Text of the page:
In fact, both me and Newswriter were pointing out that the problem right now is that congressional representatives aren’t accountable to their constituencies, unless “constituencies” means “only those people who have enough voting power to get a representative elected.” Neither did I nor Newswriter suggest that our congressional representatives should tell any voter that they are “bigots and idiots and idiots….” That’s our job; not Congress’.

Part of the problem is this sort of “dialogue” in which Mr. Smith engages us — only it’s more of a monologue, because folk like Mr. Smith don’t want to hear what anyone who doesn’t conform to their belief system has to say. Somehow, a call for inclusiveness is seen by them as exclusive. Suggesting that the rights of everyone be protected is seen as trampling on their rights.

But not everyone in the United States is of the same mind. As already noted, right now, we have congressional representatives who listen to the person with the most money, or the one or two “voting blocs” that they think will help them stay in office. Christian fundamentalists appear to think that’s a GoodThing™ and that it demonstrates a Congress responsive to the will of the People.

Problem is, it’s only the will of some people: the mob with the loudest voices and the hottest torches.

There’s a reason the United States of America was not constituted as a democracy. In a pure democracy, the rights of the few are trampled by the many.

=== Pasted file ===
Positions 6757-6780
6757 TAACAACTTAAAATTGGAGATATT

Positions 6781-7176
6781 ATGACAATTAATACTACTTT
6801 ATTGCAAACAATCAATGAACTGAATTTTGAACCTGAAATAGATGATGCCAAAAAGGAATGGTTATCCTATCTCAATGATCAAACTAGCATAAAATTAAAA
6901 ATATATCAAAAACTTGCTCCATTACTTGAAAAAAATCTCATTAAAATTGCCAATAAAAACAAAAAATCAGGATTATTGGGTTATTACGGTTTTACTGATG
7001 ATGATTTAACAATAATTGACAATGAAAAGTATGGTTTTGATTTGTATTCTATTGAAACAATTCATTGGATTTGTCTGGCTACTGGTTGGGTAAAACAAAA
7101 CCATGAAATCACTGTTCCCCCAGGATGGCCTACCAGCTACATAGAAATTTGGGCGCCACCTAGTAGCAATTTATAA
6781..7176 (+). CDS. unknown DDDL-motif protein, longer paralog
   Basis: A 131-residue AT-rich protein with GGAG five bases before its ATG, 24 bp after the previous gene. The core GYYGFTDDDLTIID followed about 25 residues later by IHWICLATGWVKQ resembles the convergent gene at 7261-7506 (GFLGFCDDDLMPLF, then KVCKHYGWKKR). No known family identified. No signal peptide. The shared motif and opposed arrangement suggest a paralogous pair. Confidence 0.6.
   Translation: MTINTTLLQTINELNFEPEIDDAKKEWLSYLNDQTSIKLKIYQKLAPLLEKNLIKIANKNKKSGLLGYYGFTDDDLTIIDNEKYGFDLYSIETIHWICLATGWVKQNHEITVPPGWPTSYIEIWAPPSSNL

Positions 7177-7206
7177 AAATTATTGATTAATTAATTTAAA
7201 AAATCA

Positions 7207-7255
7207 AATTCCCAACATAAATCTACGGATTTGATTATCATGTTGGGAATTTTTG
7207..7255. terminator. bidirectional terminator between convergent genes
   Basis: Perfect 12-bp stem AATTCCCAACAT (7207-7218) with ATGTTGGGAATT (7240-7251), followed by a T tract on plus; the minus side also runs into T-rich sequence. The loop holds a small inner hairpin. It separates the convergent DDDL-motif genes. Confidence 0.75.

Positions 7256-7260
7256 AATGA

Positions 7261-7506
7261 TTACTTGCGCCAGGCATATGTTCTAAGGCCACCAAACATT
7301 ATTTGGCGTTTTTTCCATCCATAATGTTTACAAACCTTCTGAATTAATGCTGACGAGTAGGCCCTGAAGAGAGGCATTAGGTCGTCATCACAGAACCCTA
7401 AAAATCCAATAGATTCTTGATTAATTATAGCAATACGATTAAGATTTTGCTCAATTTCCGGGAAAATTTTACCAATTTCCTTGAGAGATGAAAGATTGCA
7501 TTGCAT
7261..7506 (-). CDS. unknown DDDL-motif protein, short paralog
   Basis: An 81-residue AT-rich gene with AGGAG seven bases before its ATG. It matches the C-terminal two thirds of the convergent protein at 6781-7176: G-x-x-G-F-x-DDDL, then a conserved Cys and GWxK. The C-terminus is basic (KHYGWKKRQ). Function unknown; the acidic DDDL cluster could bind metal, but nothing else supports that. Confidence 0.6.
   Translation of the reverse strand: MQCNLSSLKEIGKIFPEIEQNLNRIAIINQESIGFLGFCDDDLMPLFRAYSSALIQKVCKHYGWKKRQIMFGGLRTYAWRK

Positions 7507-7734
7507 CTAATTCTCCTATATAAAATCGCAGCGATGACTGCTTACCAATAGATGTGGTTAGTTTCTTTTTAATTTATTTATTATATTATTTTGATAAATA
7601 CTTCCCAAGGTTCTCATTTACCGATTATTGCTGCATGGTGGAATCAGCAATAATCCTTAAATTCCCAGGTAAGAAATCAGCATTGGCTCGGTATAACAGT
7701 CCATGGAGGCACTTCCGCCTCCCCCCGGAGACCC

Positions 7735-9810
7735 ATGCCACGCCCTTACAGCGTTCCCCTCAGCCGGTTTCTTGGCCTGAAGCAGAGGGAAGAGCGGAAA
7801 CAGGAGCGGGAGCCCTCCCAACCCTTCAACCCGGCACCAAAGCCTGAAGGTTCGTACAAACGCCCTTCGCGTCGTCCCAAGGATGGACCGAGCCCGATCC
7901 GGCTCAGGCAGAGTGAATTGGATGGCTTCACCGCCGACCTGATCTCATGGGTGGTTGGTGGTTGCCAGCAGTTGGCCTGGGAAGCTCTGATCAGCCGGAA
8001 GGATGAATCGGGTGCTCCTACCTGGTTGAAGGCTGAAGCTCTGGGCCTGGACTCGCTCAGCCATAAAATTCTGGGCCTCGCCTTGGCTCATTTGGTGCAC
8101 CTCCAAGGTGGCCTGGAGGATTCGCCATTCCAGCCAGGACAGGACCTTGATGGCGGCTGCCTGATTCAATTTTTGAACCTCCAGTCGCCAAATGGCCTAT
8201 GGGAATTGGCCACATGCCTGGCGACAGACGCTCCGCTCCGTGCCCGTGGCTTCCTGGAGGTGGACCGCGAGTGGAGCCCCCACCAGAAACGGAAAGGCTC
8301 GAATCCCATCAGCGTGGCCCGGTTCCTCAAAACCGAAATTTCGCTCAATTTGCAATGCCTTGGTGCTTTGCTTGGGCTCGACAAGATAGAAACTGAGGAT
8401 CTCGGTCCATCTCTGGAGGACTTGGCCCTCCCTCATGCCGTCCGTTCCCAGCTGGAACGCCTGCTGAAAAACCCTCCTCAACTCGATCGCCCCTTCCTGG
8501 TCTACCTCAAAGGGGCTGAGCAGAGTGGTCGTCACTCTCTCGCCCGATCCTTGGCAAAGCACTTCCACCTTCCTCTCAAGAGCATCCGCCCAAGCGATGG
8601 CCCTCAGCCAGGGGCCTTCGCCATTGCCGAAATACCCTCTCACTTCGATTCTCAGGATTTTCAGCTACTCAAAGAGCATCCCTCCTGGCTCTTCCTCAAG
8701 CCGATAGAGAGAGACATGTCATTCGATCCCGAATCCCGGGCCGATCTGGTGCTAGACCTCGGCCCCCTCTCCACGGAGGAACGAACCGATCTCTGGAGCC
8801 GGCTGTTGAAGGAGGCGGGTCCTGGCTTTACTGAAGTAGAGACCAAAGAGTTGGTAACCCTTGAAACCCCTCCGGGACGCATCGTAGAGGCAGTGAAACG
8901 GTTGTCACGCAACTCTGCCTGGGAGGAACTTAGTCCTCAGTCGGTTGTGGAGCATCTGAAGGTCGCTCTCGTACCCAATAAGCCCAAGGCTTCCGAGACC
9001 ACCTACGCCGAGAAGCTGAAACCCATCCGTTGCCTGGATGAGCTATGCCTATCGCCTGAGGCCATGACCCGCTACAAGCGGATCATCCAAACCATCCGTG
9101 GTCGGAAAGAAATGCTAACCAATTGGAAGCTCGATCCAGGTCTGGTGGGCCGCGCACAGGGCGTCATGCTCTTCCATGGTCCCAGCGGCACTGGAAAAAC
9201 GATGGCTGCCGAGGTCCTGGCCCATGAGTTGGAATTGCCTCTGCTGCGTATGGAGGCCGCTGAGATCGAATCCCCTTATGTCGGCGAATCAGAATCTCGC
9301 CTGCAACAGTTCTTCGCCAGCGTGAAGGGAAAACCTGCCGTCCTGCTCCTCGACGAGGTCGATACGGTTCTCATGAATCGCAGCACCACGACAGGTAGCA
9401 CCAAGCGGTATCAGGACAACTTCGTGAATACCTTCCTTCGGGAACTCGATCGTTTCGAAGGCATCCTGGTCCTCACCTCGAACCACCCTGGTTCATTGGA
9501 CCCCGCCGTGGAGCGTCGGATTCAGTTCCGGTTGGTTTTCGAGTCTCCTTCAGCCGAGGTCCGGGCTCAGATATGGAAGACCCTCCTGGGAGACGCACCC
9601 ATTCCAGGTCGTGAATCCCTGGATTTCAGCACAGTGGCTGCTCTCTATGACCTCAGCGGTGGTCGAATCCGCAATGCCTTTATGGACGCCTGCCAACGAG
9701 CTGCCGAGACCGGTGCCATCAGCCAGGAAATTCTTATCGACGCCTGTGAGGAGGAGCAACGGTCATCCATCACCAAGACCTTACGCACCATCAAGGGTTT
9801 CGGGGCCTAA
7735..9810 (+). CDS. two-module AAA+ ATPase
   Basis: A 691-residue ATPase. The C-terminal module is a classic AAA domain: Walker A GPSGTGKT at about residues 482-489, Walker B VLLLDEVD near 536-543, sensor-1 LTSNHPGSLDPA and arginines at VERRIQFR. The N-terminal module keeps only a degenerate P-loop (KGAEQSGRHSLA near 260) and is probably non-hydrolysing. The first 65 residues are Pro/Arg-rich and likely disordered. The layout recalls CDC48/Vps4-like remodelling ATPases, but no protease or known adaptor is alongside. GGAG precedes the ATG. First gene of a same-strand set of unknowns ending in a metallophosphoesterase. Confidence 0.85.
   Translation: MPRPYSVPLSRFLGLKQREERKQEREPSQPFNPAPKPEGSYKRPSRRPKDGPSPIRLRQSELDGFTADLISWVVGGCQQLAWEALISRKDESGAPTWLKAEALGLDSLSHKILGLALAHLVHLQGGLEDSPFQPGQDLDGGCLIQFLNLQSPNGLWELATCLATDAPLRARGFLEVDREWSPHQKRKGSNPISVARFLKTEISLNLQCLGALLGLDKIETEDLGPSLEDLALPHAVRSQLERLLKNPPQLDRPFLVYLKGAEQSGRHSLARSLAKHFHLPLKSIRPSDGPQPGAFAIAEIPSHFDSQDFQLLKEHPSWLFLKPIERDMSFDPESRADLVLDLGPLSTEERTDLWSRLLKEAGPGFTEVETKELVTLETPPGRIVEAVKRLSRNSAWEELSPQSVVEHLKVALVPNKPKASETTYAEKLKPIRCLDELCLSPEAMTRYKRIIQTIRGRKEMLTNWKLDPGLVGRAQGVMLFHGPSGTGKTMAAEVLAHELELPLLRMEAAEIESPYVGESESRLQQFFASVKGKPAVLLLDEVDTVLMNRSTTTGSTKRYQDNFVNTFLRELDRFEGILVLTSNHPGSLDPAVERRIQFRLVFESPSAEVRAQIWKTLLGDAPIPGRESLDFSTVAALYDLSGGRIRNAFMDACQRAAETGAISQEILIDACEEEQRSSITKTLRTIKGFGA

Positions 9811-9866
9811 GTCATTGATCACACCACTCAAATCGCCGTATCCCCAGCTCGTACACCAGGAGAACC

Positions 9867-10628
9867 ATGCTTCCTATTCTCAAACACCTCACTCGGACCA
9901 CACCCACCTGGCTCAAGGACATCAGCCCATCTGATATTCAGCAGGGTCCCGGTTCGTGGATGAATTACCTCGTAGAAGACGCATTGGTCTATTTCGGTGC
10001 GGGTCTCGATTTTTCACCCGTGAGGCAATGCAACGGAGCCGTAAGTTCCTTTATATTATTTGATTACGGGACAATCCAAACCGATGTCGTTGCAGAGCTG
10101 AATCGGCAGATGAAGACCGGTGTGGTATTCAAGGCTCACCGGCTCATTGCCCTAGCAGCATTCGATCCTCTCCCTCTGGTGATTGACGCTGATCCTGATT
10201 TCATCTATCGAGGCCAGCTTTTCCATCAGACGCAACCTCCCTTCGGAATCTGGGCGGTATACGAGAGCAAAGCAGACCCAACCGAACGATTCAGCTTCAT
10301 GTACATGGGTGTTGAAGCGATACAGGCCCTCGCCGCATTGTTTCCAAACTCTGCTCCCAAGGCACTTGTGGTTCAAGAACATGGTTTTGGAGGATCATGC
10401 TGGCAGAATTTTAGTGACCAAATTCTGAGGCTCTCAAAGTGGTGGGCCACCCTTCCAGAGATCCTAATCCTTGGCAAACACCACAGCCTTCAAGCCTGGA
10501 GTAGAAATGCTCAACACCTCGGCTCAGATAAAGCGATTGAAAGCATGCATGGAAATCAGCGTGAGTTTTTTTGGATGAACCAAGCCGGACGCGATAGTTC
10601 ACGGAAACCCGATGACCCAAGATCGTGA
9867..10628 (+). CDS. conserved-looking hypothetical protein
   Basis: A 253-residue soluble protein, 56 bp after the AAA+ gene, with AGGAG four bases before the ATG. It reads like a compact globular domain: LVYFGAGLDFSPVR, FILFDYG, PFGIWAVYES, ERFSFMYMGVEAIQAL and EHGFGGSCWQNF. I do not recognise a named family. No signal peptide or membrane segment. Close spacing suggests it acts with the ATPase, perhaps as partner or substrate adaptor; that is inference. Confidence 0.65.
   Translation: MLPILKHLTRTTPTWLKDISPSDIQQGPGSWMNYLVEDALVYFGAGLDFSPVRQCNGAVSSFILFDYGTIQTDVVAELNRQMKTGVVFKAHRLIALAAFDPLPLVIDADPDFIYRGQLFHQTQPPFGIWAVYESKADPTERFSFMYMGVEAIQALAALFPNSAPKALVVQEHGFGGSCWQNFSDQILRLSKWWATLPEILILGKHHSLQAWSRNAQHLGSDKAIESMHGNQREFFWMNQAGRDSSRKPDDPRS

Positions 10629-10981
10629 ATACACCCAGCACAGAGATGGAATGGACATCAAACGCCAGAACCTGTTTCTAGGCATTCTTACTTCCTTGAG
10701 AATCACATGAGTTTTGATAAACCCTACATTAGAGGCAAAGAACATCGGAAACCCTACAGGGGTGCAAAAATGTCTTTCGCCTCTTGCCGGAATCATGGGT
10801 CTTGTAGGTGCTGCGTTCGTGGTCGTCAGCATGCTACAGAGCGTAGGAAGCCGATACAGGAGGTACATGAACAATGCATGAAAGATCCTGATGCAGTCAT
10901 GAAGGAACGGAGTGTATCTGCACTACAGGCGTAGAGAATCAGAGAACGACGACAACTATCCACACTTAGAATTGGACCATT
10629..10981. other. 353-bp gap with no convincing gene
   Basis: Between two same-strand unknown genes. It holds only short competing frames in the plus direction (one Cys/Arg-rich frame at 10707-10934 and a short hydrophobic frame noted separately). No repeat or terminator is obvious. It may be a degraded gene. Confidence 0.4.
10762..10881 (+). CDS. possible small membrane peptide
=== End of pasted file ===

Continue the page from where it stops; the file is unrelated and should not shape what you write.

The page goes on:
Ironically, if voting studies and polls are accurate at all, right now in America what appears to be “the many” actually is made up of “the few.” It’s just that “the many” can’t get off their lazy asses long enough to vote, or to tell their congressional representatives what they think. Sometimes, that’s just as well, since they also can’t get the other lazy ends of their bodies to think or learn anything such that they could be educated on issues and about the people they’d be voting for as representatives to enact their will — or some reasonable and beneficial compromise — regarding those issues. At any rate, the result is that the few, masquerading as the many, are increasingly derogating the rights of the rest of us.

Read the Constitution

The American Constitution Society for Law and Policy reports:

Last Monday, the Washington-based ACS made the text of the Constitution available for downloading to iPods; according to David Lyle, the group’s deputy director, there have been 1,000 downloads per day since then.